5 weeks from today we will be competing in the Austin Triathlon as part of a relay team, running the 6.2 mile “anchor leg” for team, “How’s my back look?” as we hope to throw down a fast swim, bike and run in the Olympic Distance Event.

20 days later I will be joining some of my close runner friends here in Austin competing in the Silicon Labs Marathon Relay.  A 5 person relay event covering 26.2 miles as members of each team run 12K, 10K, 10K, 5K and 5K legs.  Our “Masters” or over-40 year old team is hoping to put down a fast marathon time in the 2 hour 45 minute range and potentially bring home an age-group win.

A week later it is the IBM Uptown Classic 10K.

One week later I will be out in Denver racing in the Rock and Roll Denver Half-Marathon, our final tune-up before our next marathon.

Then one month later we will be toeing the line in the granddaddy of them all, the New York City Marathon.  Just me and 45,000 of my closest marathon friends from literally all over the world taking on lady marathon in the city that never sleeps.  Although I’m sure I’ll sleep like a baby Sunday night after battling it out through the 5 boroughs and powering through central park to the finish line at Tavern on the Green.

All of that sounds like a lot of fun, and those races will be for sure.  But there are a lot of training miles left before NYC.  637 and 3/10 miles to be precise, as well as 53,050 meters of swimming in the pool and another 356 to be ridden on the tri-bike. 

We’ll be busy these next 13 weeks.

But this Saturday is our final 5K of the summer race season, and with the exception of perhaps a Thanksgiving Day Turkey Trot, our final 5K of 2011.

Frankly this weekend was not a “race weekend” when I put together my training schedule.  Typically after two hard weeks of training or racing in a row, I have a “step-back” week, where I decrease the volume of my training and the intensity allowing my body to adjust to the increase in mileage and “stress” on my body preparing for the Marathon.

After this past week’s 85 miles of running and cycling, including Sunday’s 17-mile long run in 80 degree temperatures – so hot and humid that my running shoes were soaked in sweat by mile 11 – I could actually hear my fit squishing on every stride over the final 6 miles of the run – I was ready for an “easy” week.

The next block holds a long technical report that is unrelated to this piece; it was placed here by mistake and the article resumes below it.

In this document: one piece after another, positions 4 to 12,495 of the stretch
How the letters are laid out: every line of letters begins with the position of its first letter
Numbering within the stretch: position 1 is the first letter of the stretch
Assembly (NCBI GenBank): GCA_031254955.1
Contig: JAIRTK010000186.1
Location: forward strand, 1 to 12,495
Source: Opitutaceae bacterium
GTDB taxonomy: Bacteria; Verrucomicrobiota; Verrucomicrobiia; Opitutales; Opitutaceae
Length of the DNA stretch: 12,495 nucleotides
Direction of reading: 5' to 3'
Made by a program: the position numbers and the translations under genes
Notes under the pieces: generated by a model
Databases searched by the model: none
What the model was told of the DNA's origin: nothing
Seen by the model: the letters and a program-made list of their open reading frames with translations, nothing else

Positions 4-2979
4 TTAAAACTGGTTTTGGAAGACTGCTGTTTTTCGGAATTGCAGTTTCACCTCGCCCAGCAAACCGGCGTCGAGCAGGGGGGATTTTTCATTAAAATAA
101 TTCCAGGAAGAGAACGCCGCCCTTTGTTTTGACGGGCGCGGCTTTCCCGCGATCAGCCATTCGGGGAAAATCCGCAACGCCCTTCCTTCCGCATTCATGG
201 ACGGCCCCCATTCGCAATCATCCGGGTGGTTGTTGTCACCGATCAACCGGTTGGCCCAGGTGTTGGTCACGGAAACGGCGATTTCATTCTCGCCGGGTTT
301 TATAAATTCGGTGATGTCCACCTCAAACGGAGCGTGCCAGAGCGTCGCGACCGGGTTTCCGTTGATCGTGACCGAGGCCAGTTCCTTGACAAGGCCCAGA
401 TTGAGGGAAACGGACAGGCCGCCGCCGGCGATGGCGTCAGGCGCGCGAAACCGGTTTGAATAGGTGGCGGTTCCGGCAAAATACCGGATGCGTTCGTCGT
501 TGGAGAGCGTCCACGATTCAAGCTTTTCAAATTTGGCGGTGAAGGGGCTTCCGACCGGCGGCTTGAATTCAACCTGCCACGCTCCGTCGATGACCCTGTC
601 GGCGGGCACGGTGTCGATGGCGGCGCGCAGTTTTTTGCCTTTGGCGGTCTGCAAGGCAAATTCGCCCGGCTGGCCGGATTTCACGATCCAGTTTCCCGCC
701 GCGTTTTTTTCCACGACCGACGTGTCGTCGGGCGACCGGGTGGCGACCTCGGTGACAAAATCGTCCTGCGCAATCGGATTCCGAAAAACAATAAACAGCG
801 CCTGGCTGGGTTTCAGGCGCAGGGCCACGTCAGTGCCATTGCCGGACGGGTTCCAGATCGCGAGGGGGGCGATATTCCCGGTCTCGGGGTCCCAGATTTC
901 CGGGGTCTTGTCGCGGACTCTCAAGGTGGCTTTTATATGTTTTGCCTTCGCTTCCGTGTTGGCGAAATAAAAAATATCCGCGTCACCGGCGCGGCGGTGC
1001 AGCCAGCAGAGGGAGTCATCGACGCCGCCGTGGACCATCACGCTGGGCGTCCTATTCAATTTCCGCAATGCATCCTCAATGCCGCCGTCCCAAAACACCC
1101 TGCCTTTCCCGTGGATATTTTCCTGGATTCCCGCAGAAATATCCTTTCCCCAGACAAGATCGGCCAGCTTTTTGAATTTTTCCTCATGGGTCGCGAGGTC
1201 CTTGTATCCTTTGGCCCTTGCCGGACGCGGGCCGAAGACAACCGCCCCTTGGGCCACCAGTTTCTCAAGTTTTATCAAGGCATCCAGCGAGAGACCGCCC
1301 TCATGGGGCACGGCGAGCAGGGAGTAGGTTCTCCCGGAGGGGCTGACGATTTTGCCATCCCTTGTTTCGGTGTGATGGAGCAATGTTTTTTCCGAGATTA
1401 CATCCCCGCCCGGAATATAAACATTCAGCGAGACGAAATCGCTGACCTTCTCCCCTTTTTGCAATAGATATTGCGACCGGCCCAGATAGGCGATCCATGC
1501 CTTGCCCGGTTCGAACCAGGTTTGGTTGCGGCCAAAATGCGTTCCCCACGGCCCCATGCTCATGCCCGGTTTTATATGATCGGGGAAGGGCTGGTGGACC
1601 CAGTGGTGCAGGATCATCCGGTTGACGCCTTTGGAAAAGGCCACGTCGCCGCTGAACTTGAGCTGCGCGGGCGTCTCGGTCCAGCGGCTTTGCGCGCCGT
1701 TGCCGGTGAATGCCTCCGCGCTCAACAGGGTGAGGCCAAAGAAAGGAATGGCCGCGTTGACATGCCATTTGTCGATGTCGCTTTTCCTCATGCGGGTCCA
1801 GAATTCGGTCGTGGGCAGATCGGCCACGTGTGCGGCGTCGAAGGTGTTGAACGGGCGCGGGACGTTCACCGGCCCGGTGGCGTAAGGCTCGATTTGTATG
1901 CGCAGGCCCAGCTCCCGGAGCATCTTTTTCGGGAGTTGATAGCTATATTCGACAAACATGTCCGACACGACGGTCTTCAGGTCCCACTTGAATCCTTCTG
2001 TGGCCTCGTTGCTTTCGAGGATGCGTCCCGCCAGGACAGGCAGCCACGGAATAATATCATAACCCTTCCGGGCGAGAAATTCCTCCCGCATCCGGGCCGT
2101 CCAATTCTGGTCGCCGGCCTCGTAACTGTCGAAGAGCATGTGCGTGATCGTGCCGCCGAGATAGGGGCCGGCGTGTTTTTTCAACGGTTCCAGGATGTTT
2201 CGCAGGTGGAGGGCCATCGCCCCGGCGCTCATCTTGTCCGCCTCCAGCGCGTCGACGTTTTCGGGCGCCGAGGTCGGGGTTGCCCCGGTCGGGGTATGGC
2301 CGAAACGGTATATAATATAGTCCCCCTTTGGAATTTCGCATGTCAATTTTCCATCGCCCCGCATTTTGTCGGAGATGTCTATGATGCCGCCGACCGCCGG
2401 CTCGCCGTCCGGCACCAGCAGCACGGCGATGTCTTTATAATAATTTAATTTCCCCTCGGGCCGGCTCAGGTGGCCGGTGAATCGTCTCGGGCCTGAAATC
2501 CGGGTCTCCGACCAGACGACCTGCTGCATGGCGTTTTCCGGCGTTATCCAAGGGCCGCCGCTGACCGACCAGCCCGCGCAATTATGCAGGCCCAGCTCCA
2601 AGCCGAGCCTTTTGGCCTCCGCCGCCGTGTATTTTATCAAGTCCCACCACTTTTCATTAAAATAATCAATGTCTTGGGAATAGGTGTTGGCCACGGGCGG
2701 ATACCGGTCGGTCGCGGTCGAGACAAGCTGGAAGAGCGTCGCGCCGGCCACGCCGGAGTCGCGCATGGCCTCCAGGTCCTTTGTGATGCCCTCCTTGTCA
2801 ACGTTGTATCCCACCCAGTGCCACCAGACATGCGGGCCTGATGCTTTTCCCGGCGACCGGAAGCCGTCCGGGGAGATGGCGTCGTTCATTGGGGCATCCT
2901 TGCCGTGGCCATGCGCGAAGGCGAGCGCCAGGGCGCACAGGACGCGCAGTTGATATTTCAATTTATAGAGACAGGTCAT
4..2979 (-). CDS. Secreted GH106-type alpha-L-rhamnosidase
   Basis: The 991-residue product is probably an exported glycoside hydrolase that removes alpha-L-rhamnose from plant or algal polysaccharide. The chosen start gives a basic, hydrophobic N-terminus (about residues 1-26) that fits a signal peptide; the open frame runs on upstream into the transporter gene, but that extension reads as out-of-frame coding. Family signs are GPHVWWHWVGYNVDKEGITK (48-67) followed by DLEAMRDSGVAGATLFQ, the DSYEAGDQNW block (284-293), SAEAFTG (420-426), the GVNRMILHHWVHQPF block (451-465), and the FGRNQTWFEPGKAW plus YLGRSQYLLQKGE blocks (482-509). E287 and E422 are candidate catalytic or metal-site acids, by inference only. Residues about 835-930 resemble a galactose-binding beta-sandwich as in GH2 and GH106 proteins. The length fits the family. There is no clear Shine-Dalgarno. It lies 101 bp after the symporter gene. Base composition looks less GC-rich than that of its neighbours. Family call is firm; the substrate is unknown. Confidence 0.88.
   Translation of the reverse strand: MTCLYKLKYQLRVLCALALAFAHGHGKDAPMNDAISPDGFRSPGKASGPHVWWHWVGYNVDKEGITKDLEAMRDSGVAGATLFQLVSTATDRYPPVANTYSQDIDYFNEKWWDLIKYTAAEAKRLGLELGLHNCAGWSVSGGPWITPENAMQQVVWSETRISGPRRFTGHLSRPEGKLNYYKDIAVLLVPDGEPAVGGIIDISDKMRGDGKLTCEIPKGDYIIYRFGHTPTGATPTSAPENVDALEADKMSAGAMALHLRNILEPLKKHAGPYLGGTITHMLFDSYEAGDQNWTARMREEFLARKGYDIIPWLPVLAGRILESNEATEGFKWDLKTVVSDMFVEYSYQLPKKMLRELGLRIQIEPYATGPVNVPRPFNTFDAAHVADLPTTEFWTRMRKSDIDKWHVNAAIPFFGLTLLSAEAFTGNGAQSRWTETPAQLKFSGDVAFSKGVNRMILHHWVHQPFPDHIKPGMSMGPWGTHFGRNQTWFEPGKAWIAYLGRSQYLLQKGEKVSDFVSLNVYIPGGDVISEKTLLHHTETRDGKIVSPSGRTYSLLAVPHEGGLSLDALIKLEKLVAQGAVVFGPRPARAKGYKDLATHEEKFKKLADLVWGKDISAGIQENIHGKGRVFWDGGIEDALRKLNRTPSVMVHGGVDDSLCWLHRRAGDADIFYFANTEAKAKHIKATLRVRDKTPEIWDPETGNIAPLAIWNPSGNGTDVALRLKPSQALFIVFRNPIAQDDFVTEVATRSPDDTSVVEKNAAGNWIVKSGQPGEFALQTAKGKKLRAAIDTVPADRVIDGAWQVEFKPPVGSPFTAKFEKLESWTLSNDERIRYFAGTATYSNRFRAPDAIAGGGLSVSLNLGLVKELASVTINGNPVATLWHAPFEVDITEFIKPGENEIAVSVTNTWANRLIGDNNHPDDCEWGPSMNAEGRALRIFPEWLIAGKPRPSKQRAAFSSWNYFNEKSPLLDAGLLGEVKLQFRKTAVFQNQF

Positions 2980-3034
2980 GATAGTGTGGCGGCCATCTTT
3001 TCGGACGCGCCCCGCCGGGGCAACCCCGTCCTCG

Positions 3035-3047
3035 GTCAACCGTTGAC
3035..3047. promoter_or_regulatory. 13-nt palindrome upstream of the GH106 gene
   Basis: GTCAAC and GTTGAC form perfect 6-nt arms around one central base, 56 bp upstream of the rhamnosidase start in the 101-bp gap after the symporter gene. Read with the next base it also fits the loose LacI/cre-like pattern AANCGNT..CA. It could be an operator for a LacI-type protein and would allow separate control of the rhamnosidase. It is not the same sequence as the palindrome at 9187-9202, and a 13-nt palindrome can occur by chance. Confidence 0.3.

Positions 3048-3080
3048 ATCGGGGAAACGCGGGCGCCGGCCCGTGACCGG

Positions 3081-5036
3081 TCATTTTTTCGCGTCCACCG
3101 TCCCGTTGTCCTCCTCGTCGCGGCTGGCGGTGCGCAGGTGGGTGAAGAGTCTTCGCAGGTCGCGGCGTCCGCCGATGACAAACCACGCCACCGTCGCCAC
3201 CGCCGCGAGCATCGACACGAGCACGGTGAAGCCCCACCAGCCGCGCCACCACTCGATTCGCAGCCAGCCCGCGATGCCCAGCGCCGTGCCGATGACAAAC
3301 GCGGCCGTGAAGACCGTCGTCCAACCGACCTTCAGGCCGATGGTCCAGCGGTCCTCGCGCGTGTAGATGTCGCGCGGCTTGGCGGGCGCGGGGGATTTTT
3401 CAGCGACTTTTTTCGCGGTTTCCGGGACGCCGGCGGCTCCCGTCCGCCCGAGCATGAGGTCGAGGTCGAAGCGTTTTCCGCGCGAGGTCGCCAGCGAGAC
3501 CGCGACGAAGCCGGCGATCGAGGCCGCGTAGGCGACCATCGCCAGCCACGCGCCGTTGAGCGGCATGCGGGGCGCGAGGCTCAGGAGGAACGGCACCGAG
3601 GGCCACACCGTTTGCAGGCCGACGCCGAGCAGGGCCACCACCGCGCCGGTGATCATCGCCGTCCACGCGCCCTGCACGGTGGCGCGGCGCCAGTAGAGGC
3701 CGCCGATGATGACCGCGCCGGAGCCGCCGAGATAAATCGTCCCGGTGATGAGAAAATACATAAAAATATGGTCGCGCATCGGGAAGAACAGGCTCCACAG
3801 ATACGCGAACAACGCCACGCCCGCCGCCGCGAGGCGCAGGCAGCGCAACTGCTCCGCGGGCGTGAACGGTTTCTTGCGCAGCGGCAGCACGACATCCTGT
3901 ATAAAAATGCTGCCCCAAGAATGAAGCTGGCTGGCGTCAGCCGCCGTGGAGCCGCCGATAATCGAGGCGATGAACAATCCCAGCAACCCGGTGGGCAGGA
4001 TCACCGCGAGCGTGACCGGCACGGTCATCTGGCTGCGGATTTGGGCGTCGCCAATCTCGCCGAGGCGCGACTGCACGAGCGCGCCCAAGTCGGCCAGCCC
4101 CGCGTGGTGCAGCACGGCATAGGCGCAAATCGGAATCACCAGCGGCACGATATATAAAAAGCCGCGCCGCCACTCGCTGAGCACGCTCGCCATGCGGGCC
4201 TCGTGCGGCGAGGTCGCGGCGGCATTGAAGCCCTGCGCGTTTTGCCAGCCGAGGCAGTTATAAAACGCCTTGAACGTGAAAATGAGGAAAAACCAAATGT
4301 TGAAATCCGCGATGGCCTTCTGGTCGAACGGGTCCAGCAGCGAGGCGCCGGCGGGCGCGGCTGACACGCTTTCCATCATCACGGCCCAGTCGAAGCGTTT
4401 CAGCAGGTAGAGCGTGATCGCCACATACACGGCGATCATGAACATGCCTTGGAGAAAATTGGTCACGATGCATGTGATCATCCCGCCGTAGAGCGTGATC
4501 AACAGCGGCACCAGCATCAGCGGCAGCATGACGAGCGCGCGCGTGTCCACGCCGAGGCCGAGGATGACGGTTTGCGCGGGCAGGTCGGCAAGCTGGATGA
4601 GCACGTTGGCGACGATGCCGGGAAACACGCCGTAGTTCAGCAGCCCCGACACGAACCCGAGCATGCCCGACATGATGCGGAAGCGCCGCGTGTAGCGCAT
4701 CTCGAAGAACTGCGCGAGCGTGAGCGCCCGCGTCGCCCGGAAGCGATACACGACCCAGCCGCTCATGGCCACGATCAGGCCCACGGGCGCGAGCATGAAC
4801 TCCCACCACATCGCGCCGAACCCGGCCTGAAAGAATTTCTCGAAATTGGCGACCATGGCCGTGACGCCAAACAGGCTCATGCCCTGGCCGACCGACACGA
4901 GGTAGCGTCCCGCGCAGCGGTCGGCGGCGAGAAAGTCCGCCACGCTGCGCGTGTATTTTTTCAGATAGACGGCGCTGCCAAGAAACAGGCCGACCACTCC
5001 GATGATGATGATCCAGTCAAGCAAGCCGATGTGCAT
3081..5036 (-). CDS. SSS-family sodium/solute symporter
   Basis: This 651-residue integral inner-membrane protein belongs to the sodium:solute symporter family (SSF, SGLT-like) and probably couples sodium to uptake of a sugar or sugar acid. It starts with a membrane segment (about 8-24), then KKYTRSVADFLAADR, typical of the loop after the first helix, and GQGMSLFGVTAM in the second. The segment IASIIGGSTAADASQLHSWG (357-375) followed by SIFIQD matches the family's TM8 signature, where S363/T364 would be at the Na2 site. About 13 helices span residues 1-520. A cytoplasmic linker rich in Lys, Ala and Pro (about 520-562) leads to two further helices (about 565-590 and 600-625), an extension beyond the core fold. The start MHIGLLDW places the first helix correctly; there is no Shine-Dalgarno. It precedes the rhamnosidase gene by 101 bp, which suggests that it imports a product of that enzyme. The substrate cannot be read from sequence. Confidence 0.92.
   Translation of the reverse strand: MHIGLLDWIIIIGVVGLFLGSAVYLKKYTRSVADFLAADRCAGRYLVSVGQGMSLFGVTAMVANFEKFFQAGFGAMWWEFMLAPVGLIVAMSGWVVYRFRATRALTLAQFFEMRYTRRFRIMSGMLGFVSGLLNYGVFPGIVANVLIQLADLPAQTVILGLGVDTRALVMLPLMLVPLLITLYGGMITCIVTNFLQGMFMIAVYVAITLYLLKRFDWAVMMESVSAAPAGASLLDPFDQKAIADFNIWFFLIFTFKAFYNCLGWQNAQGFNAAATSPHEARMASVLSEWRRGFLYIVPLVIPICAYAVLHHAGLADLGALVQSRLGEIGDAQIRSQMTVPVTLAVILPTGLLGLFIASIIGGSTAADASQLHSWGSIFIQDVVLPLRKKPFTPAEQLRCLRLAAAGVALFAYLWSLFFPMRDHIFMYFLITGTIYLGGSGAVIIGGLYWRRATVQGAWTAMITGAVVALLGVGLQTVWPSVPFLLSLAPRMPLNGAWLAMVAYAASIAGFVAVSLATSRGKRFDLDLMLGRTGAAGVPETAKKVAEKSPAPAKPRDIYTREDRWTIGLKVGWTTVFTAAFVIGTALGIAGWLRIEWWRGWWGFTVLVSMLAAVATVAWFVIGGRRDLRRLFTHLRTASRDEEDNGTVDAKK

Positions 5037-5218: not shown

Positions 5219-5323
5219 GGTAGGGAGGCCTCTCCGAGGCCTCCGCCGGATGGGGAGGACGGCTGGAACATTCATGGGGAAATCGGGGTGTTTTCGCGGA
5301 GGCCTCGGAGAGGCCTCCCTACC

But after learning about Jaylie and her battle with a serious form of brain cancer, the timing of this race, just two days before the anniversary of Dom’s passing away last year, and the fight that my mother is in right now, battling brain cancer of her own – I needed to make some adjustments.

We won’t exactly be running on “rested legs” on Saturday morning, in fact we’ll need to run 2 or 3miles before the race and another 2 or 3 afterwards to get in our scheduled Saturday distance for this point in our training plan – but we are going to let it all hang out over those 3.1 race miles for Jaylie.

Jaylie – you are a brave, brave little girl.  I wish you and your family the absolute best as you continue to receive treatments that we all hope will allow you to be with us for a long, long time.  I’m not sure how well we are going to race on Saturday, but it won’t be for lack of trying. 

Those 19 minutes on Saturday +/- are for you.  See you there.

  1. Jodi says:

    I’m tired just from reading all of that! You are getting in some major training and races! I know you will bring it to each and every one of them! It’s hard to believe it has almost been a year since Dom’s passing. There isn’t a run/ride I go on that I don’t think about Dom and his family as well as you and your family Joe. Continued prayers from Ohio being sent your way. I can’t believe I will be 1/2 way through my marathon training as of Sunday…crazy stuff! Thank you again for everything you do for me!!

    • Joseph Marruchella says:

      Hi Jodi! Time is really flying by in your training calendar! Can’t wait for your race day, I am almost more excited than you are. You have really been hammering it. Great, great job. You are going to be ready on race day.

      Next time we put together a schedule for you, we’ll put in some key races along the way – I think that racing fast during training really helps make marathon race pace seem a lot more “comfortable” on race morning.

      I’m really looking forward to the Rock n’ Roll half in Denver to see how we run at elevation …. if we can run anything around 1:27:30 – 1:28:30 there – I’ll know we’re ready for NYC.

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